Analysing and organising a work of fiction – tips for essay writing

Analysis Paper:

  • After you have figured out what traits you are going to use as your focus, or limiting ideas, it is time to write the paper.

Step 1: write your thesis.

Step 2: write your topic sentences.

Step 3: Write your body paragraphs using TIQA

Step 4: Write introduction.

Step 5: Write conclusion.


Thesis:

Your thesis should consist of a topic and limiting ideas.  It should never be a question.  The thesis is answer to a question that seems important to you.

For example, what characteristic traits make it possible for Montresor to be successful with his revenge?

Thesis — Montresor is successful in getting his revenge because of his vengeful nature, his ability to use reverse psychology and manipulation to get people to do what he wants, and his intelligent choices.

The thesis is a road map for your readers to follow your argument.  It should do the organizing for you.


Topic Sentence:

Since a paragraph is a group of sentences that share a single idea, the topic sentence must have two parts:

 

TOPIC & LIMITING IDEA

Examples:

1.  Fortunato is easily duped into his own murder because of a blinding sense of pride.

Topic = Fortunato           Limiting Idea = blind sense of pride (and how this makes him vulnerable).

2.  Because Madame Louisel is superficial, she misses the deeper appreciation of most things in her life.

Topic = Madame Louisel           Limiting Idea = superficiality


TIQA*:

Your body paragraphs should provide a topic sentence.  The rest of the paragraph should provide context for a quote or a paraphrase example.  Then you should provide that example.  After you provide that example, you should explain how it supports your thesis statement.  DO NOT merely tell your reader what the quote means; this can lead to summary.  You need to analyze.

Follow TIQA:

Topic sentence
Introduce quote: put the quote into context.
Quote: provide your quote
Analyze: explain to the reader the importance of the quote and how it supports your topic sentence.
Transition sentence: transition from the first example to your second example.
Introduce quote: introduce your second piece of evidence.
Quote: provide your second quote.
Analyze: analyze your second quotes, and if possible, tie the two pieces of evidence together to make a
larger argument.

Example:

Topic Sentence:  In her school without walls, Miss Moore provides a hands-on
education that forces the students to discover new knowledge.
Introduce Quote: After sitting around for a while in the impoverished neighborhood, Miss
Moore tells her students to get into a cab, which delivers them to the
classroom for the day: FAO Schwarz.  While in the cab, Miss Moore
Quote:                   “hands [Sylvia] a five dollar bill and tells [her] to calculate 10 percent tip
for the driver” (2).
Analysis:              Miss Moore uses the cab ride as a teachable moment.  This is a sign of a
great teacher.  Miss Moore does more for Sylvia in those few moments
than probably most of Sylvia’s math teachers at school.  Typically American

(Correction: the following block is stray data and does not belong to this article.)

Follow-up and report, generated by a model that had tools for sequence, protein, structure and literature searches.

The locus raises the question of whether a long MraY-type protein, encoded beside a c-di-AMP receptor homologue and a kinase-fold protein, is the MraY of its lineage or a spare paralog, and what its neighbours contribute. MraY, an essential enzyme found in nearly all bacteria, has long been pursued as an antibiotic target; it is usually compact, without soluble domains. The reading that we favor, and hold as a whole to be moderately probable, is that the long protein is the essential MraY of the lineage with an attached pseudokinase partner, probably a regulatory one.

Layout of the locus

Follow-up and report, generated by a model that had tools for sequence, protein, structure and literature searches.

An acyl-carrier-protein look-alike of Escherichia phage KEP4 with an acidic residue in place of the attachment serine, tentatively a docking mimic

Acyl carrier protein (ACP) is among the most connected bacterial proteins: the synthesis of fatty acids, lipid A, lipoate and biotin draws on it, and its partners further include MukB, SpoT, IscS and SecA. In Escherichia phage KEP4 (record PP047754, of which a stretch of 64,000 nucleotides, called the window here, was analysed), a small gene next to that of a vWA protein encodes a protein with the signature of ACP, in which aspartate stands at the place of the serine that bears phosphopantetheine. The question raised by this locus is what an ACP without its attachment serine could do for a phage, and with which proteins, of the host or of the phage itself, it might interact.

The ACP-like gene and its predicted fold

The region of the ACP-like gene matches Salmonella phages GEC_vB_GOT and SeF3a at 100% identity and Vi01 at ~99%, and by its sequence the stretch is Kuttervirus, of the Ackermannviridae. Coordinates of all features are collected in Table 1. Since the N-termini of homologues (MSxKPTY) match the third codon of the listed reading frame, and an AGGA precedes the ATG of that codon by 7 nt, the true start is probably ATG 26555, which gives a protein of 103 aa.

education assumes that knowledge can be jammed into a student’s mind.
Miss Moore provides a practical basis for the knowledge and allows the
student to come to it on her own.

Transition:            Using teachable moments and hands-on education works for Miss Moore more
effectively when she applies these teaching strategies to greater life lessons, such
as the lesson on dispelling the American dream.


Introduction*

Your introduction paragraph is the first paragraph for your essay.  It is best to start with something general.  You want to grab your reader’s attention.  Then you want to inform your reader about what you writing.  You want to finish the introduction paragraph with the argument for the paper–the thesis.

Follow ANT:

Attention-GetterFirst sentence or two should be an attention-getter.  There are multiple ways to have make up an attention-getter.

Necessary information: Necessary information includes:

  1. Author’s full name
  2. Title of the story
  3. Brief plot summary

Thesis: The last sentence of your introduction should be your thesis.

 

Attention-getter: different ways to write an attention-getter:

  1. rhetorical question (students often misuse this)
  2. relevant quote from an outside source
  3. relevant quote from the story
  4. fact or statistic
  5. description of initial response to the work
  6. shocking or amusing generalization.

**Example from a student’s paper on “The Cask of Amontillado.”

Murder!  Is this a right way to get back at someone?  Montresor believes it is in Edgar Allan Poe’s “The Cask of Amontillado.”  In the story, Montresor tells the reader that he was insulted by Fortunato.  It is because of this insult that Montresor has vowed revenge.  He finds Fortunato on the streets during carnival and lures him into his family’s catacombs under the pretense of having Fortunato test wine.  Once they are in the catacombs, Montresor chains Fortunato to a wall of granite and buries him alive.  He was able to achieve this murder because of his ability to manipulate and his intelligence.

Attention-Getter
Necessary Info (author’s full name, title of work, and brief plot summary)
Thesis


Conclusion

Your conclusion should not merely be a summary.  Rather, it should restate and reemphasize your thesis.  It should show the importance of the analysis that you have been making in the paper.  You should also try to provide a clincher, which might come back to your attention-getter.


HOME          LITERARY TERMS        CHARACTER ANALYSIS

*The idea of TIQA and the outline of introduction paragraphs are borrowed from chapter 2 of Pat McKeague’s Writing about Literature: Step by Step

 

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